Non-Discrimination Laws for the LGBTQ Community
Many people today are discriminated against because of their sexuality. Because of this, many students may develop depression and/or suicidal thoughts, and companies lose workers. To ensure the well-being of these citizens, we must apply non-discrimination laws for the LGBTQ community in every state.
Dear New President of the United States,
Though the issue of gay marriage has thought to be resolved in the passing of the law allowing gay marriage in 2015, many people still discriminate against LGBTQ people because they are “different”. Many company employees don’t talk about their sexuality in fear of being fired, and LGBTQ teenagers are more likely to develop depression or suicidal thoughts than heterosexual teens. Even so, many people believe that LGBTQ people are “unethical” and “can’t provide a stable family”. This, however, shouldn’t cause such hate towards the LGBTQ community. I propose that all states should apply laws to protect LGBTQ people from discrimination and bullying.
Many companies in the United States have the right to fire LGBTQ employees because of their sexuality, resulting in discrimination against LGBTQ people not only outside their house, but also in their workplace. Only 22 states provide full protection for LGTBQ employees. According to a survey conducted by Christie Smith, renowned company worker, 83% of LGBTQ employees are not open about their sexuality in fear of workplace discrimination. Also, in surveys conducted by Brandon Gaille, marketing expert and blogger, up to 41% of LGBTQ employees say that they’ve either been verbally or physically abused by their co-workers before, and 47% of transgender employees report that they’ve either been fired, denied advancement, and/or not hired due to their gender identity. Without these employees, companies would lack in workers, and lose popularity with LGBTQ customers. Non-discrimination laws could stop these workplace discrimination and up the amount of employees and consumers they bring in.
Many teenagers are often bullied in school for their sexuality. An article on bullying and sexual harassment among LGBTQ youths, written by Natalie Hope McDonald, states that 47.3% of LGBTQ boys and 72.9% of LGBTQ girls have depression or suicidal thoughts, and 29% of LGBTQ boys and 52.4% of LGBTQ girls attempt suicide. This form of bullying is very much like cyberbullying and race-discrimination, and it is just as harmful. Personal friends of mine also state that they experience verbal abuse from other classmates, and some are discriminated against by their own parents. Due to this, one of them has even developed depression.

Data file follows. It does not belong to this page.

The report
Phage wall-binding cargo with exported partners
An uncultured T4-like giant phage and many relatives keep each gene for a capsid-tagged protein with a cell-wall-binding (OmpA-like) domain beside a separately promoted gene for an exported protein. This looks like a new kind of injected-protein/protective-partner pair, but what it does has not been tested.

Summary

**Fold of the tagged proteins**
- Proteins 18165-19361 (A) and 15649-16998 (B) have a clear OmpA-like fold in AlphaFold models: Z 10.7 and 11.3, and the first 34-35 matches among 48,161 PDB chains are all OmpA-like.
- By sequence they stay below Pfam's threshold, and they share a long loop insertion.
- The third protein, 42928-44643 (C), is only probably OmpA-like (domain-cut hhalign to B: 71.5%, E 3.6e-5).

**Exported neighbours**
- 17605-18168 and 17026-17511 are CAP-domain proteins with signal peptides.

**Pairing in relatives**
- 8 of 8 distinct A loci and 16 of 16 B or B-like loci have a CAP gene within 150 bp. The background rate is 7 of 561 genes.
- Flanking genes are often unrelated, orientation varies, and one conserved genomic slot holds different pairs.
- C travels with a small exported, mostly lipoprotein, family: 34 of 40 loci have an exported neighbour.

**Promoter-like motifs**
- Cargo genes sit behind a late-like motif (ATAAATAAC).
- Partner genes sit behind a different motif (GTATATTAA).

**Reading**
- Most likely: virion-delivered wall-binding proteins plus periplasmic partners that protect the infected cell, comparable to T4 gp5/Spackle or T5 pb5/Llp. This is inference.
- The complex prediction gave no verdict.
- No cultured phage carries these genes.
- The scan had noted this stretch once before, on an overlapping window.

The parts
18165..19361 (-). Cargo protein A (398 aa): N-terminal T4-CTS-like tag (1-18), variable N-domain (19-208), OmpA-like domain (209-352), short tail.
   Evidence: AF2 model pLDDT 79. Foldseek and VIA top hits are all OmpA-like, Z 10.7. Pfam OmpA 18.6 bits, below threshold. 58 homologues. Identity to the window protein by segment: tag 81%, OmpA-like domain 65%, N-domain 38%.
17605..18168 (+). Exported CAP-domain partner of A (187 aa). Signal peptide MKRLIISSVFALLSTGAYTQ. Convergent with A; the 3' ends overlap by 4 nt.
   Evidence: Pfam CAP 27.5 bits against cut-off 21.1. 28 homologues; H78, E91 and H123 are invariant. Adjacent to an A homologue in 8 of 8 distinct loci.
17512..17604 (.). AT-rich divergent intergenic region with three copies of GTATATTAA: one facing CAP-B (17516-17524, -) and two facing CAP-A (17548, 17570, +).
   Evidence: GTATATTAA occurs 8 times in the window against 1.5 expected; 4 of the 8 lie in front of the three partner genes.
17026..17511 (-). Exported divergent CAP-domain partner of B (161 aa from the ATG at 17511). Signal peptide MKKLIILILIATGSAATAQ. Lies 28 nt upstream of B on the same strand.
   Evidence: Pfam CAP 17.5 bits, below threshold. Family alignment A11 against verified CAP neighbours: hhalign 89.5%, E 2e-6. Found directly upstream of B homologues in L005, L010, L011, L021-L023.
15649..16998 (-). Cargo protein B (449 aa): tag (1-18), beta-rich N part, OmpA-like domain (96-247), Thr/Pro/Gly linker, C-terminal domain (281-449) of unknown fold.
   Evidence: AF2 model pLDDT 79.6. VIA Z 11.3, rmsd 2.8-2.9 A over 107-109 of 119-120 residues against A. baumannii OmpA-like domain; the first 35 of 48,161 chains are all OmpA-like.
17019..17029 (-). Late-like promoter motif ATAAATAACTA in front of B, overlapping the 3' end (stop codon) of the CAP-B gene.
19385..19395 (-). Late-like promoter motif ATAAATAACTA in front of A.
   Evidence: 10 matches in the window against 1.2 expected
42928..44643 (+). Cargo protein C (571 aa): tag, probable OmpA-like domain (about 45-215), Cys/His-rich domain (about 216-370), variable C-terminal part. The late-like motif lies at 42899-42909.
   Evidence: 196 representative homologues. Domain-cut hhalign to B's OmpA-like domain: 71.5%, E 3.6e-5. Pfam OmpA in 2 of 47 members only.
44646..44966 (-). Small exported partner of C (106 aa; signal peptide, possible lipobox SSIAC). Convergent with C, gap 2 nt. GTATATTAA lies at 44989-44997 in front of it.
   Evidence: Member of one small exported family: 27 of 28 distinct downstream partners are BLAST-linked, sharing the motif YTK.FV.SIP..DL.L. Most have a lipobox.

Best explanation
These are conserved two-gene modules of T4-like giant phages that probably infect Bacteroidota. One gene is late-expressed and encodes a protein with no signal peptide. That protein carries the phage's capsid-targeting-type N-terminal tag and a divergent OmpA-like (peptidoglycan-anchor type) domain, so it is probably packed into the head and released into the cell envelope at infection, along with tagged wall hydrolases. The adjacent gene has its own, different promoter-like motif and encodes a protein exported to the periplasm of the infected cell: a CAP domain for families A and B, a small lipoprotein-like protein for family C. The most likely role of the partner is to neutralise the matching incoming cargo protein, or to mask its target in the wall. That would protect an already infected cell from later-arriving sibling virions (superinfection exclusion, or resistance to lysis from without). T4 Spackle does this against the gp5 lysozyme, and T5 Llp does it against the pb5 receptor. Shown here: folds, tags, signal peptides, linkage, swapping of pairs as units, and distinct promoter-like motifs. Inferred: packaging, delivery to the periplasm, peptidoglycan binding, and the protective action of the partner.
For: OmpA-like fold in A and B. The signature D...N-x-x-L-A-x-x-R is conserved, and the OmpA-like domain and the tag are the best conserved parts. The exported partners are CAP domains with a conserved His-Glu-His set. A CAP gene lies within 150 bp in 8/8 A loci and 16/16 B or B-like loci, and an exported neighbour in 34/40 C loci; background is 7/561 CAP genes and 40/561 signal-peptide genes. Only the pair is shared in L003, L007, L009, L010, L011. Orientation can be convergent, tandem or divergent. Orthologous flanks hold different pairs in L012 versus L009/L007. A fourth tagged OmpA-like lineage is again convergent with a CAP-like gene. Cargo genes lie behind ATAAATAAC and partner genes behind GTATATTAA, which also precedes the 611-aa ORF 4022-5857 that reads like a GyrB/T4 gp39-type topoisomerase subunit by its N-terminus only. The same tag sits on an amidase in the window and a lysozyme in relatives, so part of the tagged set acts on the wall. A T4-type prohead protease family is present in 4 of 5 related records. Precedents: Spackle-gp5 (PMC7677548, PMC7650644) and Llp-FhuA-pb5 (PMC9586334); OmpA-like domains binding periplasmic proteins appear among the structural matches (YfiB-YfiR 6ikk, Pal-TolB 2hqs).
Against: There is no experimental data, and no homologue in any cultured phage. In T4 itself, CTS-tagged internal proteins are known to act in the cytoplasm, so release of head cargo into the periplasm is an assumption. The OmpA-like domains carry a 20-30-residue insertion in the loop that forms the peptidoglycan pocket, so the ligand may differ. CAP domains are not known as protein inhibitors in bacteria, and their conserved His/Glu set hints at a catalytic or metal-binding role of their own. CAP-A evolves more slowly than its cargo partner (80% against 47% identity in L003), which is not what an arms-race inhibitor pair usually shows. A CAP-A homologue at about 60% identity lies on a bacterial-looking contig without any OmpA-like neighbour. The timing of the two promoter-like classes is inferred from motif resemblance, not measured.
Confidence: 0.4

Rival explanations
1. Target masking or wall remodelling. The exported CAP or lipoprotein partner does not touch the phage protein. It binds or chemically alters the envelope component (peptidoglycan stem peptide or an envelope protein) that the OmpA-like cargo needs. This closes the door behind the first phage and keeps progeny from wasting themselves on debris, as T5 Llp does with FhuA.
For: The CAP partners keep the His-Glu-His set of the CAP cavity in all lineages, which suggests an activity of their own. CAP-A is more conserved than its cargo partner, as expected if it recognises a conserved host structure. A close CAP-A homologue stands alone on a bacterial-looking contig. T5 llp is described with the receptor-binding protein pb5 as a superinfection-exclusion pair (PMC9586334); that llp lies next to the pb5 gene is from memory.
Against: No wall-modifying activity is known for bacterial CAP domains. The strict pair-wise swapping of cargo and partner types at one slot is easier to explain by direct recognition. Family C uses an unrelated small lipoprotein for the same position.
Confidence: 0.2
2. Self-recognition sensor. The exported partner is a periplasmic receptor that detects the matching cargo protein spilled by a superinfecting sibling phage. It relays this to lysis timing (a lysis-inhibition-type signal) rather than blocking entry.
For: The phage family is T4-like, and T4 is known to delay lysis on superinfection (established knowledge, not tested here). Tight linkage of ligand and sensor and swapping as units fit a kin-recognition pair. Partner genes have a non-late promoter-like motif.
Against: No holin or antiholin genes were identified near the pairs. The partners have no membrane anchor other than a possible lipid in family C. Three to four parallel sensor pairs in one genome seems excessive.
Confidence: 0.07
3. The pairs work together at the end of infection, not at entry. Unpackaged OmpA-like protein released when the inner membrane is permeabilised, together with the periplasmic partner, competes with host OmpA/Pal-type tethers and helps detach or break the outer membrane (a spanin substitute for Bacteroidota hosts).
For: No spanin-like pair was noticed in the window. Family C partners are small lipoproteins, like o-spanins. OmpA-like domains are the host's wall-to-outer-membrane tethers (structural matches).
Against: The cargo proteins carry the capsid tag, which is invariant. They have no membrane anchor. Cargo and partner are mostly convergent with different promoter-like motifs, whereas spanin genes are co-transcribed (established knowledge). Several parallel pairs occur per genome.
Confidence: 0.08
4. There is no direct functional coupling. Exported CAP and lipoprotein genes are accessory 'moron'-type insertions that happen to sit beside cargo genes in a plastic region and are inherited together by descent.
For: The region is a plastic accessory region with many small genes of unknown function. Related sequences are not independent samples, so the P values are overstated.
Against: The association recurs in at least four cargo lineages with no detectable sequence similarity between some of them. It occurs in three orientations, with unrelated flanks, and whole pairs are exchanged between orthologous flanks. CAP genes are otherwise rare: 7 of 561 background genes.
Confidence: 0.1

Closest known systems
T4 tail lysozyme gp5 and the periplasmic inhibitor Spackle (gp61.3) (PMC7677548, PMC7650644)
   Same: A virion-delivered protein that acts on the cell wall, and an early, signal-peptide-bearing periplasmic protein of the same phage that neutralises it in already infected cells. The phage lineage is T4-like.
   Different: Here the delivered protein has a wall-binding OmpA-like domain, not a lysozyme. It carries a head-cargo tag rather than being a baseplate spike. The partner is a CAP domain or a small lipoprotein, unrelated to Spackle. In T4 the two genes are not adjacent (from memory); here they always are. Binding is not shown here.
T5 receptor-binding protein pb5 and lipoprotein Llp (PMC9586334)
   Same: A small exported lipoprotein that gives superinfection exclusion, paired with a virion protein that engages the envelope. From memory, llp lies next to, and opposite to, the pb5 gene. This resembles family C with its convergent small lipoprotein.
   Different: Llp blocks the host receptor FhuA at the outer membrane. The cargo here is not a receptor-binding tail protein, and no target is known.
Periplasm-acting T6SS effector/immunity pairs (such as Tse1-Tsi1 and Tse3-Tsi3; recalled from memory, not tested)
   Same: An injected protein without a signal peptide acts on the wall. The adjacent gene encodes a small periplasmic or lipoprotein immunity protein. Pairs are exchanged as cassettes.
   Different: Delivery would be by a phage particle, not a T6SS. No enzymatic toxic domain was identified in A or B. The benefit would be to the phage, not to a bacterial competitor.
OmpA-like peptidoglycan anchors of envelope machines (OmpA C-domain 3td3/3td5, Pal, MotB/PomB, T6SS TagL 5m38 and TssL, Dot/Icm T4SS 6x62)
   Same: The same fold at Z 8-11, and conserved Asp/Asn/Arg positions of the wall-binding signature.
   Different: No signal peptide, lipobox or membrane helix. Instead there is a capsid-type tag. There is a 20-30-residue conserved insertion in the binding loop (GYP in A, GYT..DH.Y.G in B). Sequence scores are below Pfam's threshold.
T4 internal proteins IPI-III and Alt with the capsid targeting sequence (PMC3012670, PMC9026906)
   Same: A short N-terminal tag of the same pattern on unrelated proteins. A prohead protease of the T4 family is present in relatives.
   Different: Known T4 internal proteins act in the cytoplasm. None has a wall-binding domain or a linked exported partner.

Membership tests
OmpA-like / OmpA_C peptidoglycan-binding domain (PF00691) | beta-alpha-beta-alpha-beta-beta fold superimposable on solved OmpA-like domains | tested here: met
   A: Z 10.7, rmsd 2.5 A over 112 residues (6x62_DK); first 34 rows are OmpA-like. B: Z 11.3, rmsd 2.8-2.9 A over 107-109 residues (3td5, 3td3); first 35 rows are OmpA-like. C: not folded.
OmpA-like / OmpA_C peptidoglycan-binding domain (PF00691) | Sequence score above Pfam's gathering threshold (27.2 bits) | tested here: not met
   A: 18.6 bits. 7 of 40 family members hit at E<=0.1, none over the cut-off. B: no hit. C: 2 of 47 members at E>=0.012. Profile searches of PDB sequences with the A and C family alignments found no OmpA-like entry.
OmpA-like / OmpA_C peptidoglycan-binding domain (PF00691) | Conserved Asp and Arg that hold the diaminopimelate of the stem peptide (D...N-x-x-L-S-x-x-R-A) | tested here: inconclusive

Many people, mainly religious groups, believe LGBTQ people to be “unethical” and “can’t provide a stable family”. However, I believe that if you were to call a person unethical, that would make you discriminative and insensitive. Also, 34% of children today are living in a single parent environment, which is also considered to be an “unstable” family. Some argue that LGBTQ people are the way they are due to emotional problems, but most emotional instability LGBTQ people face is not from their sexuality, but from discrimination received because of their sexuality. As people, as decent human beings, we must we discriminate against anybody who has the slightest difference from us? Author Ernest J. Gaines once said “Why is it that, as a culture, we are more comfortable seeing two men holding guns than holding hands?” As the quote says, we is it that we are perfectly fine with men holding guns, but discriminate against two men loving each other?
Though our nation may seem peaceful, we all know that it has many flaws, one of them being discrimination. LGBTQ people are openly discriminated in almost every part of the world, in almost every aspect of life. With discrimination, many youths die from suicide, and companies lose both employees and profit. To stop the decrease, we must enforce non-discrimination laws for LGBTQ communities.